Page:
To round out the triumvirate of Date Creek Ranch nags I was stuck riding as a kid, there was Beauty. Beauty was all black, just like the Black Beauty of movie fame (read part 1 here).
And right there all comparisons between Beauty and her namesake ended.
There was nothing majestic or glamorous about Beauty. In fact, there was something terribly wrong with that horse. She never spooked the way the other horses did when something unexpected or scary happened. She was never playful or grumpy or had any discernible moods at all. She didn’t interact with the other horses. Most of the time when I saw her out in the pasture, she was just standing there with her head down, unmoving. She basically plodded along through life with her head down. It was like she was like some kind of zombie horse. She only barely responded to the reins. Spurring her or swatting her with a riding crop produced hardly any effect.
According to my sister, Kim, Beauty had eaten some loco weed when she was younger (loco is Spanish for crazy). Kim showed me some loco weed. It grew all over the ranch and it was a weird looking little plant. Kim told me that loco weed makes horses go crazy. She said that if Beauty ever got too lathered up, the loco weed would kick in and that’s when the real crazy would start. She didn’t say what, exactly, would happen, but she made it clear it would be bad and that was good enough for me. I always kept a close eye on Beauty whenever I had to ride her. If she started to sweat even the littlest bit I eased off, even if it meant Dad was going to yell at me for showing up late to the rendezvous point. A tongue lashing was nothing compared to whatever Beauty was going to do if she got too hot.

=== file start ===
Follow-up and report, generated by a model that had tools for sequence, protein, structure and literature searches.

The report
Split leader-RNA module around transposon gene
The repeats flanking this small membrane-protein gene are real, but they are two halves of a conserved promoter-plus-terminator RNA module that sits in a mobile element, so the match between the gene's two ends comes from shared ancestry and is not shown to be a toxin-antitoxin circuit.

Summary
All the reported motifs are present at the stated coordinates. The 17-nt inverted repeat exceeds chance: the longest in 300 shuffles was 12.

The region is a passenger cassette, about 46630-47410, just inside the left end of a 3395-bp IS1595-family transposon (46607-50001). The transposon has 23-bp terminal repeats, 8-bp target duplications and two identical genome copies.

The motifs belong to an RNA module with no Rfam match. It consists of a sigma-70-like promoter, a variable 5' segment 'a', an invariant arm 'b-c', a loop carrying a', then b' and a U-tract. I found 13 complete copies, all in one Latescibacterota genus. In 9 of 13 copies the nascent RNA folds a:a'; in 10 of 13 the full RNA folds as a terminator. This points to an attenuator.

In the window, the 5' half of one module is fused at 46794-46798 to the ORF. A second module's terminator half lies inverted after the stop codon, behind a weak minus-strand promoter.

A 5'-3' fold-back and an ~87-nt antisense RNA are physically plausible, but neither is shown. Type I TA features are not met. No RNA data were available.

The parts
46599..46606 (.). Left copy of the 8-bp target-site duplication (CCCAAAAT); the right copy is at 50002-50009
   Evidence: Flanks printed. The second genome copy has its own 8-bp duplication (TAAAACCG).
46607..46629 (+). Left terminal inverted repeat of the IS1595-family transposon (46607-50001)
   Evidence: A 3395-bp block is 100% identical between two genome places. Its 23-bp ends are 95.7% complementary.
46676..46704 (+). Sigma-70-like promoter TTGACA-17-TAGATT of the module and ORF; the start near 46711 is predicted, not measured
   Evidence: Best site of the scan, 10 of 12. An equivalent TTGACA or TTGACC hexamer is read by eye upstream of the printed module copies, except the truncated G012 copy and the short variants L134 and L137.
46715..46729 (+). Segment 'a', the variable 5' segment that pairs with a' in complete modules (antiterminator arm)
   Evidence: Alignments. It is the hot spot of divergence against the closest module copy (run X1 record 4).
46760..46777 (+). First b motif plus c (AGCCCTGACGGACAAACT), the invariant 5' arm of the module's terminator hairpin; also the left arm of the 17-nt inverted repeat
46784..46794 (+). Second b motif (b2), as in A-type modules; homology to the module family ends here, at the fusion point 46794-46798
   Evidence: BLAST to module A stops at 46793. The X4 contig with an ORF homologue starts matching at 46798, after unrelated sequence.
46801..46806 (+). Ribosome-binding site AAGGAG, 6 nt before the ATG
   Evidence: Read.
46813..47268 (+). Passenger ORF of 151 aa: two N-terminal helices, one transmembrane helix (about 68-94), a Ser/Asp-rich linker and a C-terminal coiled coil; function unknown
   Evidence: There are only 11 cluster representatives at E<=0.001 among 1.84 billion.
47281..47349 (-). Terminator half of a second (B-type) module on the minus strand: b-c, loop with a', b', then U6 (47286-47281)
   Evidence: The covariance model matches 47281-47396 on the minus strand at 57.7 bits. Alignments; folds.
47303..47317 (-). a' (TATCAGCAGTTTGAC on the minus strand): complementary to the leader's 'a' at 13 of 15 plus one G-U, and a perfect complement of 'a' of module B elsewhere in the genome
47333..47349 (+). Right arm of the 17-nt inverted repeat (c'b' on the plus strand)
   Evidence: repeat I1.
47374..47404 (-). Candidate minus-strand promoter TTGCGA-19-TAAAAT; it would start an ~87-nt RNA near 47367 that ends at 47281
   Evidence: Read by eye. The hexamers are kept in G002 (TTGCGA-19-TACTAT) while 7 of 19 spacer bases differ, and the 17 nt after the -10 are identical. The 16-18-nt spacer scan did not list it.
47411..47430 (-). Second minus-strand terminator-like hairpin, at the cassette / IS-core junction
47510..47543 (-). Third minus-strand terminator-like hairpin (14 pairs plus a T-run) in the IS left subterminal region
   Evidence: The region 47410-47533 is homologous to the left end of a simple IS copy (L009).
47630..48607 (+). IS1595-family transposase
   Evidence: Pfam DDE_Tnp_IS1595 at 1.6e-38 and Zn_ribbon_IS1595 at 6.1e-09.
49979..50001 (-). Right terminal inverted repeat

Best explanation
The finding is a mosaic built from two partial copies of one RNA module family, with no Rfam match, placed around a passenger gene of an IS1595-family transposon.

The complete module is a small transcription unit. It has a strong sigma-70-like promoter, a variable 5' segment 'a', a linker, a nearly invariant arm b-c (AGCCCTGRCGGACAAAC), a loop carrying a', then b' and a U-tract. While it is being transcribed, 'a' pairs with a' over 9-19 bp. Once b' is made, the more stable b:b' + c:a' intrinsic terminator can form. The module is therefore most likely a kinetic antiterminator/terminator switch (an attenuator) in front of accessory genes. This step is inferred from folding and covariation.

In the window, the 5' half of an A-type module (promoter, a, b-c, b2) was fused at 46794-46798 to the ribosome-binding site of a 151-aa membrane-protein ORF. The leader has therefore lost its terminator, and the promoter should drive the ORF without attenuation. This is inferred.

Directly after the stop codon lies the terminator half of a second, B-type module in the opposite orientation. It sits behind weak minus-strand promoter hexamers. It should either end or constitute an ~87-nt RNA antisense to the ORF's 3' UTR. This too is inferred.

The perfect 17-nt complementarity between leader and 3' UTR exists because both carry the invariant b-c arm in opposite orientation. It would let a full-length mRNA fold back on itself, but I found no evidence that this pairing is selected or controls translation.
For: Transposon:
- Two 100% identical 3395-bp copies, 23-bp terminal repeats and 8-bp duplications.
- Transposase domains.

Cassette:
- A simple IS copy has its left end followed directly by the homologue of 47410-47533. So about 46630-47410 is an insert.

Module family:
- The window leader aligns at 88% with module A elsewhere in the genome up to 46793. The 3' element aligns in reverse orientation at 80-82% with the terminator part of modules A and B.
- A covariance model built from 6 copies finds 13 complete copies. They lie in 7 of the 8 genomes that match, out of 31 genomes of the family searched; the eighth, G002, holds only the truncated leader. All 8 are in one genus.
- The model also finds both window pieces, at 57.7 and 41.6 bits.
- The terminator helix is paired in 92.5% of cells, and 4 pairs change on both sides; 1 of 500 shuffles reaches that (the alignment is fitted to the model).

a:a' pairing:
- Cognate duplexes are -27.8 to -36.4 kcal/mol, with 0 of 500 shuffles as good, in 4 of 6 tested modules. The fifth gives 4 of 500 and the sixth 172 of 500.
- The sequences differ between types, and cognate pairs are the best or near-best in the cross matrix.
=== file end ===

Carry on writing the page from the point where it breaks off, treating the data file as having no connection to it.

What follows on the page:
(To this day I don’t know if loco weed has any effect on horses at all. Nor do I know if Beauty ever ate any. I never asked my parents to verify the information. I just believed it because my big sister told me it was true. Now, keeping in mind that this is the same sister who once told me that once a knight put on his suit of armor he could never take if off but had to wear it the rest of his life, I’m thinking I should have been just a bit more skeptical.)
Crazy or not, by the time I was nine or ten or so, it became clear to me that I needed a new horse. By then I was a functioning cowboy. I was expected to do my share when we went out on roundup. Dad never said, “Oh, Eric, since I stuck you with such a crappy horse again today, I’ll give you the short circle. Don’t worry if you can’t keep up. Just do your best. Here’s a cupcake and a gold star.”
No, Dad’s response was more along the lines of, “Goddammit, Eric! How come you’re moving so slow?”
Gee, Dad, maybe it’s because one of the horses I have to ride is older than Methuselah and hates every living thing, another is scarred for life and can’t be stopped or turned without an act of God, and the third is freakin’ crazy and liable to go all Cujo on me at any moment! (I know Cujo is a dog, not a horse, but you get the idea. And naturally I never said any of that stuff aloud.)
Of course, there was no point in asking Dad to buy me a better horse. I had a better chance of getting a unicorn for Christmas. Old, barely-functioning tools were just part of life on Date Creek Ranch. A person was expected to still do his or her full complement of work regardless.
Kim had a good horse and she’d paid for it with her own money. Which meant if I was sick of riding Lady, Misty and Beauty, I’d have to cough up my own hard-earned cash.